Interview with Saskia Sassen
© Andrew Iliadis and Figure/Ground
Saskia Sassen was interviewed by Andrew Iliadis. March 9th, 2015
Saskia Sassen is Robert S. Lynd Professor of Sociology and Co-Chair of the Committee on Global Thought at Columbia University. Dr. Sassen’s research and writing focuses on globalization (including social, economic and political dimensions), immigration, global cities (including cities and terrorism), the new technologies, and changes within the liberal state that result from current transnational conditions. Her numerous books include Expulsions: Brutality and Complexity in the Global Economy (2014), Cities in a World Economy (1994), Territory, Authority, Rights: From Medieval to Global Assemblages (2006), and A Sociology of Globalization (2006).
How did you decide to become a university professor? Was it conscious choice?
Yes and no. It was initially an instrumental choice. I wanted to make a better world, and sociology seemed an instrument. I was 12 or 13 at that time. From then on I aimed at it, but the reason for getting a PhD evolved.
Who were your mentors in university and what are some important lessons you learned from them?
I did not quite have mentors in the full sense of the word. But there were people from whom I learned key aspects, professors who made all the difference. At the University of Notre Dame these were Andrew Weigert and Fabio DaSilva in Sociology, and Andrew Rubel in Anthropology. Enormous support came from Bill D’Antonio and Julian Samora, they made all the difference in giving me the opportunity to get a doctorate at the University, especially since I did not have a college degree. I went from high school – albeit the French style baccalaureate, a very serious type of high school – to doctoral studies.
In your experience, how has the role of university professor evolved?
Not much really. If we made intensive use of the technological innovations in universities such as mine, I think there would be significant differences. But the new technology remains a sort of appendage and utility.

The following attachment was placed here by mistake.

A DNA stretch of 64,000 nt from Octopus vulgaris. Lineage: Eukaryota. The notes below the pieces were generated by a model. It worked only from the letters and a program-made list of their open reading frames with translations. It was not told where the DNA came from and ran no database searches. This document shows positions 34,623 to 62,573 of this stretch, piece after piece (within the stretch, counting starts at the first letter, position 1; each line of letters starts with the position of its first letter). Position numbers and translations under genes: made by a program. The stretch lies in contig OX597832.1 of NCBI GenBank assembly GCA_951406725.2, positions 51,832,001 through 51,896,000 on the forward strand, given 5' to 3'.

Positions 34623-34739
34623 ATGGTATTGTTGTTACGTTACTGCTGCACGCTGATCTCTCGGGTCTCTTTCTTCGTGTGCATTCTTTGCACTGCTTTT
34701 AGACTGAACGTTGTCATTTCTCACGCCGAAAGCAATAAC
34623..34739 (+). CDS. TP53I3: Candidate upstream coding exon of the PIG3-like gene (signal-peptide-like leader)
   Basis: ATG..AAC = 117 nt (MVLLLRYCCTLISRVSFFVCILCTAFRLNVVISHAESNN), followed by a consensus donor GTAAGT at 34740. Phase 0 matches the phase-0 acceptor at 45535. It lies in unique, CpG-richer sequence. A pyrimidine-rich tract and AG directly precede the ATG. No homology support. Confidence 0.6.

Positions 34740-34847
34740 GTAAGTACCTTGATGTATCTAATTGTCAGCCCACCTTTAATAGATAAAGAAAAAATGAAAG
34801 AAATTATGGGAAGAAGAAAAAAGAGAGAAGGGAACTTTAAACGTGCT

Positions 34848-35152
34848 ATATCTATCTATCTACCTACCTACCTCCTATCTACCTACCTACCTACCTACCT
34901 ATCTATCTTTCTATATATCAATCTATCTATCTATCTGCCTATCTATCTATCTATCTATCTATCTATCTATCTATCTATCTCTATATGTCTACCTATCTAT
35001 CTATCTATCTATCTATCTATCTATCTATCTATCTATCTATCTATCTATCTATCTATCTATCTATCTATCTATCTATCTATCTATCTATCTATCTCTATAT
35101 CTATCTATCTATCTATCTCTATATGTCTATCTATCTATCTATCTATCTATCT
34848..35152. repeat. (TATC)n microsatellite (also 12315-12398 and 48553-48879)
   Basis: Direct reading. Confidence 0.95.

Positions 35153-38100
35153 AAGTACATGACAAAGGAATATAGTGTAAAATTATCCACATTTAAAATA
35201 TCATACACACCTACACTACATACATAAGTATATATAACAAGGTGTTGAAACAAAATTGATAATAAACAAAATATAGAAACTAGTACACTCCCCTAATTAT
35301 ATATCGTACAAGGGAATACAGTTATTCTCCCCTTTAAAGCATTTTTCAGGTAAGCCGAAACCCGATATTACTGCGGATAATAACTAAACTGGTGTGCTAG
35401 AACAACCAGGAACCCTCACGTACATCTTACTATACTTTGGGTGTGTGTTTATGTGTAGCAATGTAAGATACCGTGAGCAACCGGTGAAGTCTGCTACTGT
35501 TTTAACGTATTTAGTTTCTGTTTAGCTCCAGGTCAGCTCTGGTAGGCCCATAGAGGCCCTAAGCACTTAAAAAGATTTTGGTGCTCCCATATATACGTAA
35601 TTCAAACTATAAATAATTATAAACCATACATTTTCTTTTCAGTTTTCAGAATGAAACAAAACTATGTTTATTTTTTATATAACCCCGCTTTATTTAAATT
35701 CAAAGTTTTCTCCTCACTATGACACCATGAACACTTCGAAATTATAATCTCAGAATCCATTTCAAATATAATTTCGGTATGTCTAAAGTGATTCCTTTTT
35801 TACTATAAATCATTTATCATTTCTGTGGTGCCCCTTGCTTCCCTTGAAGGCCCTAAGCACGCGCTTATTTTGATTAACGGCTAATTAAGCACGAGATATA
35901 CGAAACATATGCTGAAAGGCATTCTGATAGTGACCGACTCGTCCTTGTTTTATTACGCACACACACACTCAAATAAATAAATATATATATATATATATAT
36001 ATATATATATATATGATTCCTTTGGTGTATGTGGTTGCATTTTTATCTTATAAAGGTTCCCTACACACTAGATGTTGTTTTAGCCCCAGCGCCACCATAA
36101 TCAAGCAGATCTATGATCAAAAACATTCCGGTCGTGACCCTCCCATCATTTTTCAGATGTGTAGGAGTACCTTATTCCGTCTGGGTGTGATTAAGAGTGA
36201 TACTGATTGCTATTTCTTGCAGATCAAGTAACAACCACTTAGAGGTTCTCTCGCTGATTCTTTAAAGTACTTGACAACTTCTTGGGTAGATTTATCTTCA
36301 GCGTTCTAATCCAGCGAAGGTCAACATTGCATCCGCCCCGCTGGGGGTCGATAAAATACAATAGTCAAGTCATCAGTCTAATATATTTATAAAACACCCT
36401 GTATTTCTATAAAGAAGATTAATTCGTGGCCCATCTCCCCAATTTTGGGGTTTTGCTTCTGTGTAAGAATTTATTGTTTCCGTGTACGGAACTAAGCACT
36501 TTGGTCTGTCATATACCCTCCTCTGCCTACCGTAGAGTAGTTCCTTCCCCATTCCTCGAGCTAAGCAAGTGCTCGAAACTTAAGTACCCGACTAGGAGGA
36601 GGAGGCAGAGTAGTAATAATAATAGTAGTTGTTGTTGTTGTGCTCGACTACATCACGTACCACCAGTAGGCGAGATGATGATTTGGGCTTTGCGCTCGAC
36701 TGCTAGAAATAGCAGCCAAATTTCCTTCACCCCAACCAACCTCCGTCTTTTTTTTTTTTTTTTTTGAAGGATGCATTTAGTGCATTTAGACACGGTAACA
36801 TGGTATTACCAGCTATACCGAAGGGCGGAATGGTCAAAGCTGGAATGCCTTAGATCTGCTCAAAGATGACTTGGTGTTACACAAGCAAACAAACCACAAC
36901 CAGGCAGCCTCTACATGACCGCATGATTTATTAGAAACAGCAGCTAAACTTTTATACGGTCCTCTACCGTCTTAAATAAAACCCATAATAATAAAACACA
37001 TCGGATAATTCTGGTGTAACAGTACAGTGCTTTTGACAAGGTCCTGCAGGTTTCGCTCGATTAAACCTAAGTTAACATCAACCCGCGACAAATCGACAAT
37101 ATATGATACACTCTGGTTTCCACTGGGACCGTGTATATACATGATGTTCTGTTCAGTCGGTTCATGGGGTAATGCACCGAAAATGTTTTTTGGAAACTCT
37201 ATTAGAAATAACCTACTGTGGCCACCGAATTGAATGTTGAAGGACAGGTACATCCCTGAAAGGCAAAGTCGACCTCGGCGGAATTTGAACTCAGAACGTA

What effect has the “information age” had on the university and on pedagogy?
I think the main difference has not been so much on pedagogy (teaching) as on learning and research and writing – all familiar facts. Regarding pedagogy, I think we are at the merest beginning. There is enormous resistance from professors and universities to this mode. From universities because they fear they will lose a key reason for charging outrageous amounts of money for students to attend. For professors because it is too different, too fixed – once that lecture is recorded it is there, it will not go away. One loses control. I personally do not mind, and have all kinds of YouTube and Vimeo clips taken by, I do not know whom, mostly…fine with me. I think it is great. I wish my university allowed those of us who want to record my large undergraduate lecture class to do so.
What is the status of disciplines today? What are the strengths and/or weaknesses of interdisciplinary studies?
For decades there have been projects to develop more inter-disciplinary modes of doing scholarship and organizing knowledge. But mostly these inhabit institutes and centers. The core curriculum has changed only if there were individuals who pushed for it.
From where I sit and look at the world, there is a very specific kind of interdisciplinarity I need and have promoted in my work. I describe this in my little A Sociology of Globalization book (Norton 2007). We need to develop new conceptual architectures that allow us to use bits of knowledge from diverse disciplines but on the condition of repositioning these into a somewhat developed and articulated conceptual architecture. To make sure they are working (whether empirically or conceptually).
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Iliadis, A. (2015). “Interview with Saskia Sassen,” Figure/Ground. March 9th.
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